Israeli minister Tzachi Hanegbi slammed US President Barack Obama’s efforts to foster Israeli-Palestinian peace Thursday, a day after Prime Minister Benjamin Netanyahu held a cordial meeting with the American leader and trumpeted warming relations between the two.
Speaking a day after what was likely the last meeting between Netanyahu and Obama in their current positions, Hanegbi, a close confidante of the prime minister, told Army Radio that the US president was “naive and messianic” in his dealings with Israel.
“At the moment Obama is not acting like the most powerful man in the world,” he said, “instead he is behaving like someone working in Hillary Clinton’s campaign office.”
In their public remarks on Tuesday, Obama and Netanyahu displayed a jovial camaraderie with the US president only briefly mentioning peace efforts with the Palestinians and concerns over settlement building.
But behind closed doors, senior Obama administration officials claimed Obama was more pointed, raising “profound US concerns” that settlement-building was eroding prospects for peace.
Netanyahu challenged that notion, said one official, adding that the two leaders had not “papered over” their differences.
However, a senior Israeli official said the issue was only point of contention between the two leaders, as they sought to put a history of testy ties behind them.
Hanegbi’s comments highlighted lingering discomfort in Israel’s government with Obama’s efforts to push for a two-state deal with the Palestinians, despite attempts by Netanyahu to smooth out ruffles between Washington and Jerusalem.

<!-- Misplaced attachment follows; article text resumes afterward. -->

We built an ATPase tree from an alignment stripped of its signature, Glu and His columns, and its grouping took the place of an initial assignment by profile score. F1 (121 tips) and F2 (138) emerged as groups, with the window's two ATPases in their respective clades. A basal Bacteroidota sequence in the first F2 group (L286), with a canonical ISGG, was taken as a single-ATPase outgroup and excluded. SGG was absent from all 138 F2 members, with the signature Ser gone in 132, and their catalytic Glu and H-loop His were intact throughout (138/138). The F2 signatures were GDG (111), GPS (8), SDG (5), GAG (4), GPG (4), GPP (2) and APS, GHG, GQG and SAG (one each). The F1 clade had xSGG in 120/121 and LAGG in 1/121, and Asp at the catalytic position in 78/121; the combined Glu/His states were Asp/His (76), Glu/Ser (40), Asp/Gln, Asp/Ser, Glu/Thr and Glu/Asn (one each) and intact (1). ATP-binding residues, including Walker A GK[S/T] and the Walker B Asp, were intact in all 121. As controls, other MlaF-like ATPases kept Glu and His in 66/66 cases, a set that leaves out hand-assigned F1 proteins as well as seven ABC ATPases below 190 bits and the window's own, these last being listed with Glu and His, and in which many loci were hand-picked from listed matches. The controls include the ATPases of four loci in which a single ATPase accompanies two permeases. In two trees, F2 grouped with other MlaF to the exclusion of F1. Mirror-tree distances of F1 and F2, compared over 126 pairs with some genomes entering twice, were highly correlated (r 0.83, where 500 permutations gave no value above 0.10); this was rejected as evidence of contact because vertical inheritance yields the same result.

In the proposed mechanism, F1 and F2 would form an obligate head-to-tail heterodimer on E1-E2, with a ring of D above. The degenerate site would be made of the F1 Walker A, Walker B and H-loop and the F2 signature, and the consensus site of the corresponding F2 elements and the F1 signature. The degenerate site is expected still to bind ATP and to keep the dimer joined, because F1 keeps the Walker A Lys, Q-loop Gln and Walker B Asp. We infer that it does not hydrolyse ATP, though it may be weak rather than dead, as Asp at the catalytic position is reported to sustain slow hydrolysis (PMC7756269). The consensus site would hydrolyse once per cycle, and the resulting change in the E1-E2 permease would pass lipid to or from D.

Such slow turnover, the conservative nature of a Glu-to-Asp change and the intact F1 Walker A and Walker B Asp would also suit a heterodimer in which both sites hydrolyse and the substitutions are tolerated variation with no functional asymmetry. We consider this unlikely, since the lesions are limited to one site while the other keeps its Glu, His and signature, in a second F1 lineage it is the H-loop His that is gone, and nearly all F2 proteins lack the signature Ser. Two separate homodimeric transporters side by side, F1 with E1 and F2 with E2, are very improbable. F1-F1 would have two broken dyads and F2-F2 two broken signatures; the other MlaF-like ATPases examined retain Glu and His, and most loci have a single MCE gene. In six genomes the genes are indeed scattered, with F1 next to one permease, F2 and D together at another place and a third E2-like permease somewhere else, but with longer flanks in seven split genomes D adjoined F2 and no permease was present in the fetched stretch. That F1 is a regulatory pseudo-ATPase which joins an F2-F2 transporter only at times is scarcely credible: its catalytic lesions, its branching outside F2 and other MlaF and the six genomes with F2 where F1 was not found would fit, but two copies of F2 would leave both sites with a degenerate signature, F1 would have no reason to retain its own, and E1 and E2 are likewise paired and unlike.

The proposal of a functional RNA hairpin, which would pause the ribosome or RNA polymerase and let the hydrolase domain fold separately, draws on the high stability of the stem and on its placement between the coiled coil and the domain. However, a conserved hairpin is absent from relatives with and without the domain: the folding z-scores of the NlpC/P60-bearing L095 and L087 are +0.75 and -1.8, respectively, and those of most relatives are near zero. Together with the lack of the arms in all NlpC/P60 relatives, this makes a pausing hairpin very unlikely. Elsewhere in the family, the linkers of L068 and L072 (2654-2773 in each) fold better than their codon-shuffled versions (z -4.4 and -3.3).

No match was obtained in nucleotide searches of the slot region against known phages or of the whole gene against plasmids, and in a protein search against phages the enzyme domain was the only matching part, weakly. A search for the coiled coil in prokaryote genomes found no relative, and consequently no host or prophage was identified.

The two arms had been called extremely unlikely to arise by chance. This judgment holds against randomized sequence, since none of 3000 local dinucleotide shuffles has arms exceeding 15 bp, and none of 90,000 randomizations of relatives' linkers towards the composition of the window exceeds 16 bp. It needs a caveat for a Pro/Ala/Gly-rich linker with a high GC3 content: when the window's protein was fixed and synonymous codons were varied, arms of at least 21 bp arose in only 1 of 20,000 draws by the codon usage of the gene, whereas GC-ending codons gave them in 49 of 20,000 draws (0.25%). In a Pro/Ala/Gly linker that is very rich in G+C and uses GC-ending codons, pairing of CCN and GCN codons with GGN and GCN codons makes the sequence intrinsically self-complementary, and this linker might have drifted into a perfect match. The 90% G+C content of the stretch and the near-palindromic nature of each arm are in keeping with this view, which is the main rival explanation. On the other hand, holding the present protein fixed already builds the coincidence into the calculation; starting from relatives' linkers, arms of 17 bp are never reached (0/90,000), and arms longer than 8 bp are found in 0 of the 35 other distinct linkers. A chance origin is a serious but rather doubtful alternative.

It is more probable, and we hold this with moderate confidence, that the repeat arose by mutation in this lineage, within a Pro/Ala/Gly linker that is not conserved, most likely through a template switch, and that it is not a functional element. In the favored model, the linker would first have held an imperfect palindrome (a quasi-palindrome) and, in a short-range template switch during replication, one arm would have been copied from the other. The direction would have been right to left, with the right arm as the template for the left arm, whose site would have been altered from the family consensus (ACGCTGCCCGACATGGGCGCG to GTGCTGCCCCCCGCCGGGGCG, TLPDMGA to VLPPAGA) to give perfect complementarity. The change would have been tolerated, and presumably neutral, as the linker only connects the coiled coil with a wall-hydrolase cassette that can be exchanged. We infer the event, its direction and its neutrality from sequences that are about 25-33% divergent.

In 2014, then defense minister Moshe Ya’alon called US Secretary of State John Kerry “obsessive and messianic,” drawing loud protests from the US administration. Ya’alon later apologized, after Netanyahu expressed unhappiness with the comments.
Hanegbi was not alone to show cracks in the relationship Thursday, US ambassador to Israel Dan Shapiro saying that Obama was “disappointed” in the lack of progress towards a two-state solution under the Israeli leader.
While Obama still believes there is a possibility for positive developments in the three months left before he leaves office, he has accepted that he will not achieve the significant progress he had originally hoped for, Shapiro told Army Radio in an interview from the sidelines of the United Nations General Assembly in New York.
“Obama aspired to help Israel achieve its goal of two states for two peoples. There is disappointment over what was not achieved but at the same time there is still a will and an obligation to move forward, however possible, in the right direction,” Shapiro said.
“In the last eight years they haven’t held back from discussing the things they disagree on and that’s a sign of good relationship, that they are not afraid to speak about the important things,” he added.
Addressing the General Assembly on Tuesday, Obama said that while the Palestinians should reject terror and incitement, Israel must recognize that it cannot “permanently occupy and settle Palestinian land.”
“Surely Israelis and Palestinians will be better off if Palestinians reject incitement and recognize the legitimacy of Israel. But Israel must recognize that it cannot permanently occupy and settle Palestinian land. We all have to do better,” Obama said.
“There are things that Israel can do to improve the situation,” Shapiro said Thursday, echoing Obama’s words.
Times of Israel staff contributed to this report.